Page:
Sony eyes up Microsoft's Windows Phone: report

Sony eyes up Microsoft's Windows Phone: report

Summary: Has Microsoft found a new mobile partner in an old rival?

TOPICS: Windows Phone
Screen Shot 2014-01-02 at 10.02.06
Credit: James Martin/CNET

Microsoft is furthering efforts to promote the Windows Phone system, and may have found a new partner in an old rival: Sony.

According to The Information, Sony is considering the launch of a new Windows Phone handset as soon as the middle of 2014. Citing a person with knowledge of the matter and another briefed on the new device, the publication says that while Sony has exclusively released smartphones running on Google's Android operating system, the electronics maker could be one of many lured to the Windows Phone front -- thanks to financial incentives. Talks have apparently progressed to the point of prototype device designs. 

Microsoft is apparently luring handset makers with the promise of incentives including slashed software licensing fees, and is looking to attract partners including Sony and ZTE.

If ZTE is indeed in talks with Microsoft, a deal could help the Chinese telecom equipment maker towards its goal of becoming one of the world's top three handset makers by shipment volume by 2016. ZTE spokesman David Dai said that the firm is looking at markets within the United States, India, China and Russia in particular, as well as having established a dedicated mobile device business group to further drive its smartphone business.

The group is focused on producing both low and high-end handsets. If Microsoft is confirmed to be offering licensing deals, it may be that firms such as ZTE could produce low-cost, entry-level smartphones for emerging markets in areas such as India -- and despite fierce competition from companies such as Apple and Samsung -- the move could boost the number of Windows Phone users.

Dai commented:

"With a separate handset business group, we can respond timely to fast-changing customer demand by launching new smartphone models quickly."

The Windows Phone has been losing out in the mobile device space against larger rivals including Google and Apple, developers of the Android and iOS operating systems. While announcing of the acquisition of Nokia's mobile device business, the Redmond giant stated that the OS would hold a 15 percent in 2018, however, other parties seem to think otherwise. Research firm IDC projects a share of 10 percent for Windows Phone in 2017, far lower than its rather optimistic outlook of 20 percent in 2015 made three years ago.

ZDNet has contacted Sony and will update if we hear back.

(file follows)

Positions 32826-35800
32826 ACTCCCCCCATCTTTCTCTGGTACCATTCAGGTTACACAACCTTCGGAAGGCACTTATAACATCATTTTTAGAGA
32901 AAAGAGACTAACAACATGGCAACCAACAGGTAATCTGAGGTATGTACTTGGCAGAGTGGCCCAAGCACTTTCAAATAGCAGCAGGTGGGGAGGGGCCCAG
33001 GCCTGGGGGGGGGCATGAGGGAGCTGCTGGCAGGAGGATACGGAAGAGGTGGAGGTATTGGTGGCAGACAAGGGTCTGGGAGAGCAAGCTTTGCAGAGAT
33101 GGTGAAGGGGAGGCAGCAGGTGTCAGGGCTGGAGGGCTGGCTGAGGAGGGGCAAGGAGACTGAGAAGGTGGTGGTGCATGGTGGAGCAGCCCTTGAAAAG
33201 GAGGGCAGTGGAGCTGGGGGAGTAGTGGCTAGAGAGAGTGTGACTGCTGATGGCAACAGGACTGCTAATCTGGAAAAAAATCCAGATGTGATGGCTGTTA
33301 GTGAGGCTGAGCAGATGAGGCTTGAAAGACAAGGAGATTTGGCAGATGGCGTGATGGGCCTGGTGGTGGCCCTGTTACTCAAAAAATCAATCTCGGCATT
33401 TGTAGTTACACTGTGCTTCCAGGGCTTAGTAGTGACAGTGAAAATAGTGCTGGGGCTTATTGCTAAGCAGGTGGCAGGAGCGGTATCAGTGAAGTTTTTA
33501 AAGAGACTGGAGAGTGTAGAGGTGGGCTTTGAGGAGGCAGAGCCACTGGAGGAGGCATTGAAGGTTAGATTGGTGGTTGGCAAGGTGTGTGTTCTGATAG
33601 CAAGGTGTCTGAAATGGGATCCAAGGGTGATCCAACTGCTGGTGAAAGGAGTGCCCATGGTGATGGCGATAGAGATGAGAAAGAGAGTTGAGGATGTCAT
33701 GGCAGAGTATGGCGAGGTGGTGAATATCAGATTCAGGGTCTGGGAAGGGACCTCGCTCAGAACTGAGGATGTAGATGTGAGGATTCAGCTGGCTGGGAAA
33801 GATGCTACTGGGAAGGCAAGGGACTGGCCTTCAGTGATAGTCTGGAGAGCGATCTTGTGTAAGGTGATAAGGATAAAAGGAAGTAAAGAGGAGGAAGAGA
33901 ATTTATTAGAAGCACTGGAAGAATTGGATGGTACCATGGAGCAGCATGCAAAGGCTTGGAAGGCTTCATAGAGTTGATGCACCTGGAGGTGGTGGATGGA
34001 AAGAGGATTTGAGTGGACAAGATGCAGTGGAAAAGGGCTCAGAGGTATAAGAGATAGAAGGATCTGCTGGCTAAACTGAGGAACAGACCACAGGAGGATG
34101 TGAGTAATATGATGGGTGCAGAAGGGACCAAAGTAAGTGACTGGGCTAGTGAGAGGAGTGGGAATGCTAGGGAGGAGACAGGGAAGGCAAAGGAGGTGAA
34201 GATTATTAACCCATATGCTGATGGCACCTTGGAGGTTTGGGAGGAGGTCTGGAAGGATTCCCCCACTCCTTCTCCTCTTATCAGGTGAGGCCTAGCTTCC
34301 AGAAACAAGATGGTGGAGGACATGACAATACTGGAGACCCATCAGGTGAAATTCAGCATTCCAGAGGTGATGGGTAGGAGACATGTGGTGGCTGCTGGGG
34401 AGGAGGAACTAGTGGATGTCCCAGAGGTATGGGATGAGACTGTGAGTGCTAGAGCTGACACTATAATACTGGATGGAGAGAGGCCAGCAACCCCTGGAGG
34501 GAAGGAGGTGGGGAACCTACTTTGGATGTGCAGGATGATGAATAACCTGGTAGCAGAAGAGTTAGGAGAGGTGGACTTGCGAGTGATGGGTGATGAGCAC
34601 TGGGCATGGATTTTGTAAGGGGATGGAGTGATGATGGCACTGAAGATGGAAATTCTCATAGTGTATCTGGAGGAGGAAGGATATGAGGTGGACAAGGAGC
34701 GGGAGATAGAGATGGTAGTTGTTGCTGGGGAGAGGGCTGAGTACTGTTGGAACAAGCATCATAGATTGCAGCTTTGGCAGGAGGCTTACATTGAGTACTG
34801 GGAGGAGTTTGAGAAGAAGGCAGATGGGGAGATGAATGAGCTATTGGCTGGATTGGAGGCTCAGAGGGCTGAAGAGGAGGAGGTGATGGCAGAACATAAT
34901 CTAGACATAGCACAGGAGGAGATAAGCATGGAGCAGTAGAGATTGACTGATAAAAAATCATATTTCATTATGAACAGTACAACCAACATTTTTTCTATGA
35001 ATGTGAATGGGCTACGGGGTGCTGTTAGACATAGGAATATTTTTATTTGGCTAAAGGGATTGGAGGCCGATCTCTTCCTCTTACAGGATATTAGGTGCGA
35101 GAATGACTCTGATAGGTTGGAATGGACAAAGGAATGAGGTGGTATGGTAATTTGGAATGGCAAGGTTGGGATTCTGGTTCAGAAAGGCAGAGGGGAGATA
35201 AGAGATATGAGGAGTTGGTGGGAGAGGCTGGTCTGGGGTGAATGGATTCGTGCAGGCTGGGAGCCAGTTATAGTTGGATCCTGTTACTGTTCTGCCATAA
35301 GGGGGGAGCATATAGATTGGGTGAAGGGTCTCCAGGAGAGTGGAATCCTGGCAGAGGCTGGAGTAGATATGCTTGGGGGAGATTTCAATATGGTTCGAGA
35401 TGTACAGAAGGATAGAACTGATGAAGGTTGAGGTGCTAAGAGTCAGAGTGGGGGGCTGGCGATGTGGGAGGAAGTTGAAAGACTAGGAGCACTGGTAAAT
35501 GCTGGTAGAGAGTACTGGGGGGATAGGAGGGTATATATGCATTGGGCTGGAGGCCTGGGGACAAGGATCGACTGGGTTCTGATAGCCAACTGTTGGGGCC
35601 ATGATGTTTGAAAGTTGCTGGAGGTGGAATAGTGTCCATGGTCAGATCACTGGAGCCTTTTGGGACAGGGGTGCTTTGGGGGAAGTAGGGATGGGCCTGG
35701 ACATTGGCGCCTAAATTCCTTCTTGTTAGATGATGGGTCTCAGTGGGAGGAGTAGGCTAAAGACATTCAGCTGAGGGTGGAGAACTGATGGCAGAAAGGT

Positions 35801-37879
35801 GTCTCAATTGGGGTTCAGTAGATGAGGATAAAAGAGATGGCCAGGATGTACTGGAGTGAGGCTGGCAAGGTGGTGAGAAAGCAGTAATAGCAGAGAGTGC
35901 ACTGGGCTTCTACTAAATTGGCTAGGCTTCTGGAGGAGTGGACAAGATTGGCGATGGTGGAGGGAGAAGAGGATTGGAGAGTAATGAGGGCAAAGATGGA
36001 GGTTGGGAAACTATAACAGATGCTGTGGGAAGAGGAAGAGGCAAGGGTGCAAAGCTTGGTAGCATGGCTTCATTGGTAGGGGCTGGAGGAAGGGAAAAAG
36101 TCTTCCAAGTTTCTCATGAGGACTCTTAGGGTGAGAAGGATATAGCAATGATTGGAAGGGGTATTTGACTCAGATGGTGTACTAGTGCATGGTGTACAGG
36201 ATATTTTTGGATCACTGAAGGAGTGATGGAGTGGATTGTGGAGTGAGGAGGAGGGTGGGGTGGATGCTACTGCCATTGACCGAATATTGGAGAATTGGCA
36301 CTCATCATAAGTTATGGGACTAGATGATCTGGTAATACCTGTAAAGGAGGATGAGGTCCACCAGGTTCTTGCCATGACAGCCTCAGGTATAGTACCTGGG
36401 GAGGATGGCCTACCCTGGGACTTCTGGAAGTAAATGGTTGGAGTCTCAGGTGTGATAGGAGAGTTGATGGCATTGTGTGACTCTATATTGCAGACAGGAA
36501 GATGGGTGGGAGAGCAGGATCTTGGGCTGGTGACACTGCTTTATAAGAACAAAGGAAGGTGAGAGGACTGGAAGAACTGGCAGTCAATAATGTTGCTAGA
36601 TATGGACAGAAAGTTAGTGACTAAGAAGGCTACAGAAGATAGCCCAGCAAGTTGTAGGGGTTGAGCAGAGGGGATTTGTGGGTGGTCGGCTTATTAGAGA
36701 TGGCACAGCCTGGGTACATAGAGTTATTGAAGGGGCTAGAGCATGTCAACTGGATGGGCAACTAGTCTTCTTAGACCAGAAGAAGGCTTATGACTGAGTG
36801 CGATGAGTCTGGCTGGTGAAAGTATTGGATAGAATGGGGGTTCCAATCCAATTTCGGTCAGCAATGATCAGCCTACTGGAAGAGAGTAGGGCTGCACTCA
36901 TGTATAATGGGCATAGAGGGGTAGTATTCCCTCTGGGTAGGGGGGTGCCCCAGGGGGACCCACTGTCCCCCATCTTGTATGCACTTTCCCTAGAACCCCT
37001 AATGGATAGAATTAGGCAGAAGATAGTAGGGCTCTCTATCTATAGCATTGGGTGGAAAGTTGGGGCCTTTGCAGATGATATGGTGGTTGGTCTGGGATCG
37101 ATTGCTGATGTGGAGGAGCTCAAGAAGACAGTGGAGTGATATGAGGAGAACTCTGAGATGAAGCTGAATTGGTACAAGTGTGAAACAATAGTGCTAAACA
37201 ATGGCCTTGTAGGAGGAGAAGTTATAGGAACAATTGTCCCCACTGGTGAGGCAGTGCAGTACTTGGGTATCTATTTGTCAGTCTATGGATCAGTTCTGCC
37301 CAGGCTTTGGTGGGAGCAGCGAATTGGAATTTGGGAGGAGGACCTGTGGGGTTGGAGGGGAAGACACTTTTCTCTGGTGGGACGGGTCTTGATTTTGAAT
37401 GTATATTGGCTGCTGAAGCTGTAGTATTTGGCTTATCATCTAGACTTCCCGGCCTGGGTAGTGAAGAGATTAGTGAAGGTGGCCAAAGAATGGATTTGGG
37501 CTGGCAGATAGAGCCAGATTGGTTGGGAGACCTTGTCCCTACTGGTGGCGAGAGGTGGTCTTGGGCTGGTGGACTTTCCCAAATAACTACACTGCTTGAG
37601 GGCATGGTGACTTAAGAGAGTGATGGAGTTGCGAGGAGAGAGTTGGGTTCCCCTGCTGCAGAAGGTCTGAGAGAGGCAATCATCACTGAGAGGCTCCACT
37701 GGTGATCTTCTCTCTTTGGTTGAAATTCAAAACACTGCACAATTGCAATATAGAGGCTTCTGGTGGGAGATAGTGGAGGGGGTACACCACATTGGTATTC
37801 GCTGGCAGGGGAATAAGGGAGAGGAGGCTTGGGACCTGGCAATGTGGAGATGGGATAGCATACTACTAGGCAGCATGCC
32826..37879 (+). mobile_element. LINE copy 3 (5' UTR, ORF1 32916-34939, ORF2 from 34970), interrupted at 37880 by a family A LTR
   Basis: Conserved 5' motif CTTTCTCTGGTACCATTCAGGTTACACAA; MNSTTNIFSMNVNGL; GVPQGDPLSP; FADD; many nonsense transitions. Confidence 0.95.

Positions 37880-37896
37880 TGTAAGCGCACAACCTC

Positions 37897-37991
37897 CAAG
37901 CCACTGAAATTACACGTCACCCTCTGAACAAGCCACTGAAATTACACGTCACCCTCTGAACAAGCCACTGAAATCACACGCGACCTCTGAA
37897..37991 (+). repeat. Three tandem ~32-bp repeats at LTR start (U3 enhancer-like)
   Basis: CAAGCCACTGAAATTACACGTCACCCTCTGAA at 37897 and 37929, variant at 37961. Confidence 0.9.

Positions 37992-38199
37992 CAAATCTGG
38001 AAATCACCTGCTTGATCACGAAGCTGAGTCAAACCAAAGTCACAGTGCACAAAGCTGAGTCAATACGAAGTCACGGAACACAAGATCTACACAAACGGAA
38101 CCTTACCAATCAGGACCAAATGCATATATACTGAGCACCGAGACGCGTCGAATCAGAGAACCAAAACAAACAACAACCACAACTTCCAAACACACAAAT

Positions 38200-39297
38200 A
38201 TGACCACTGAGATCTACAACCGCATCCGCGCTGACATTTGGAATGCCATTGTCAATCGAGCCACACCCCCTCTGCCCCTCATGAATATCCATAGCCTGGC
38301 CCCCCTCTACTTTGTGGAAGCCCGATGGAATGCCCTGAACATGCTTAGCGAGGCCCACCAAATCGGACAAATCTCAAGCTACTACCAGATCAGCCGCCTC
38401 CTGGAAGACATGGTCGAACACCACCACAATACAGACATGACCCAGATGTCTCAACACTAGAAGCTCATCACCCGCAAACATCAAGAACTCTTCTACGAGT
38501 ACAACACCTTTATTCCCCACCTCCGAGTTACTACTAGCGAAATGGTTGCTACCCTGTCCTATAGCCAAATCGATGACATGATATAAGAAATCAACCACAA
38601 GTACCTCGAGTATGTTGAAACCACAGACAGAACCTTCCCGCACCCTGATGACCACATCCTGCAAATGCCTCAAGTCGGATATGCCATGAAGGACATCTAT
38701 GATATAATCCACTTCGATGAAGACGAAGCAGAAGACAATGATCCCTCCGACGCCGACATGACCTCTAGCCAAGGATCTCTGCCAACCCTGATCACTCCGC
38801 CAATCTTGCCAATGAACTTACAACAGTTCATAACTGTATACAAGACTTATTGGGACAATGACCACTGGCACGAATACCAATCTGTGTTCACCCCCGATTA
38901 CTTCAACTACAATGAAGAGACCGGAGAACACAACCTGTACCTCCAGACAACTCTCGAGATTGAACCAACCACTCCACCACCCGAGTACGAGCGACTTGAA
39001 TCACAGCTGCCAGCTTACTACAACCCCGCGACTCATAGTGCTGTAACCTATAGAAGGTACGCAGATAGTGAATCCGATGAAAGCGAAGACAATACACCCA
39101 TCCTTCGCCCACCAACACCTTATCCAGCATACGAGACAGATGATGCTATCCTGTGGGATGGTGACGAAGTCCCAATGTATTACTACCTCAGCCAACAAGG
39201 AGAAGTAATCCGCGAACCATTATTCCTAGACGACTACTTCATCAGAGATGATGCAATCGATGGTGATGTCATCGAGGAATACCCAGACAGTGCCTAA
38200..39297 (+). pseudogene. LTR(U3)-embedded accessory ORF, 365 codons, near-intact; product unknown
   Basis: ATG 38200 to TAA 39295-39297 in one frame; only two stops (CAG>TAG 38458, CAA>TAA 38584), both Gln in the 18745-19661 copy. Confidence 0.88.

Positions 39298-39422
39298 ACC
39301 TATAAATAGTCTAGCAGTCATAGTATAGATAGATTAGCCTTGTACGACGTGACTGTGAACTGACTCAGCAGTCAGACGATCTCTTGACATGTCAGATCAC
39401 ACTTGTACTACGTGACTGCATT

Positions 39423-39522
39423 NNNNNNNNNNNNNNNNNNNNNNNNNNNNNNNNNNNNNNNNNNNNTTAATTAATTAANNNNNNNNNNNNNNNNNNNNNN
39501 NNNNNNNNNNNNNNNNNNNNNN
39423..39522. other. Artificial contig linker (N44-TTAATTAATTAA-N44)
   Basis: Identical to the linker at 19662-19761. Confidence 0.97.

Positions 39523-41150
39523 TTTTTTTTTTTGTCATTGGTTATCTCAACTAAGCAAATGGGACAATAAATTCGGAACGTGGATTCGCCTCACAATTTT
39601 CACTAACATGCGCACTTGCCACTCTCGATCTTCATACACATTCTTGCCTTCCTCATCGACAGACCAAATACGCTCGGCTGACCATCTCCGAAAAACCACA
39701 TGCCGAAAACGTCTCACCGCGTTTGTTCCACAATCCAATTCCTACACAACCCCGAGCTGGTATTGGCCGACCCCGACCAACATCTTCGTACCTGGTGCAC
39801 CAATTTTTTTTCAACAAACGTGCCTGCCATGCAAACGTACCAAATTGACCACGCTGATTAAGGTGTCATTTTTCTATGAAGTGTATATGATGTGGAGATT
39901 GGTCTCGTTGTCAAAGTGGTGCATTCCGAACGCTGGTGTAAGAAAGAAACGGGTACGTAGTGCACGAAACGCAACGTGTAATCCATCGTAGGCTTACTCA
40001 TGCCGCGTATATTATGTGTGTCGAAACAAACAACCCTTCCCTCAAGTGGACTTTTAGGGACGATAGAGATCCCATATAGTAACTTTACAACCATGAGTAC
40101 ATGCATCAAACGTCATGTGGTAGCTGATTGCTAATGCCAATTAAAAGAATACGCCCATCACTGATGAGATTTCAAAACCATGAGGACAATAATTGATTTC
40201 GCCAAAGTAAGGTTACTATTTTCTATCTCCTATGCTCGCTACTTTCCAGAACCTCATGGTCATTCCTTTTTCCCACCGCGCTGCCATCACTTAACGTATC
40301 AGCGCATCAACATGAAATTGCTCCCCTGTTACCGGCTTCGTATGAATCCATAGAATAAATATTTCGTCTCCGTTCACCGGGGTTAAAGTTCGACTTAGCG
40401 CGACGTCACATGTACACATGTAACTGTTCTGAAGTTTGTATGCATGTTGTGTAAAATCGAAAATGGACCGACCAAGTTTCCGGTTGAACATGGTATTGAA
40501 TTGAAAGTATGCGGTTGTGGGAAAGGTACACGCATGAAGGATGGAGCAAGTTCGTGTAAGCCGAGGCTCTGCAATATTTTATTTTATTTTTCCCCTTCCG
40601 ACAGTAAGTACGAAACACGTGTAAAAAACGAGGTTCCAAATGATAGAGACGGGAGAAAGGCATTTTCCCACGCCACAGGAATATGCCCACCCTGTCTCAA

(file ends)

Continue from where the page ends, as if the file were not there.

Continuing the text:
Topic: Windows Phone

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  • These predictions are interesting, but worthless...

    The mobile market is changing so quickly, it's difficult (if not impossible) for anyone to seriously predict what things will look like in five years.

    All we know at the moment is that Windows Phone is growing faster than the market, and that if they can keep that up, than the platform will definitely be something to reckon with in a few years.
    • Not hard to do...

      for a market that is growing at 10%+ per year, anything going from 0% to 5% is faster than the growth of the market...

      But trying to catch up with the quantity will be very hard...
      • what are you comparing

        Which market is growing at 10% assuming whole smart phone sales compared to previous years sales, the other 0-5% means the quantity you are saying and is fraction dividing among all phone Oses.
    • I totally agree

      IDC predictions are just crap, in 2017 blackberry will have 3-5% or will stop making devices, will not drop from 2.7 to 1.7. And these are made under assumption that only existing phone makes will continue to make devices on that oses.

      Already phone OS sales are proportion to apps available.

      Windows phone definitely will have a great improvement as they are already in a process of merging all OS market places.
  • WOW that's about the only way you could damage the Windows Phone brand

    Not that WP is all that shimmering and glowing but letting Sony make a Windows Phone will be the worst. Sony is living off of past glory and is nothing but a junk dealer in todays world.
  • umm, Happy New Year Charlie and everyone. :-)

    • :-(

      The filter removed my confetti tag enclosed in brackets :-(
  • Good to gain share

    Offering, or even paying for others build WP devices will impact sales in a positive way. I wonder if without those incentives WP can still live even if they eventually reach, say, a 10% market share.
    Pressure to be important in mobile market is big for Microsoft, I still think the best strategy would be to build desirable and innovative software - windows 8 needs a big revision in its all incarnations.
  • Money is money, I suppose

    If Sony would be willing to buy licenses, I don't see a reason why Microsoft wouldn't be willing to sell them the licenses. Sony still offers PC's, after all, and as far as I know, Sony doesn't have an in-house direct competitor to Windows Phone, just those Android devices. No harm in hedging one's bets, and Sony's money is just as much legal tender as any other company's.
    Third of Five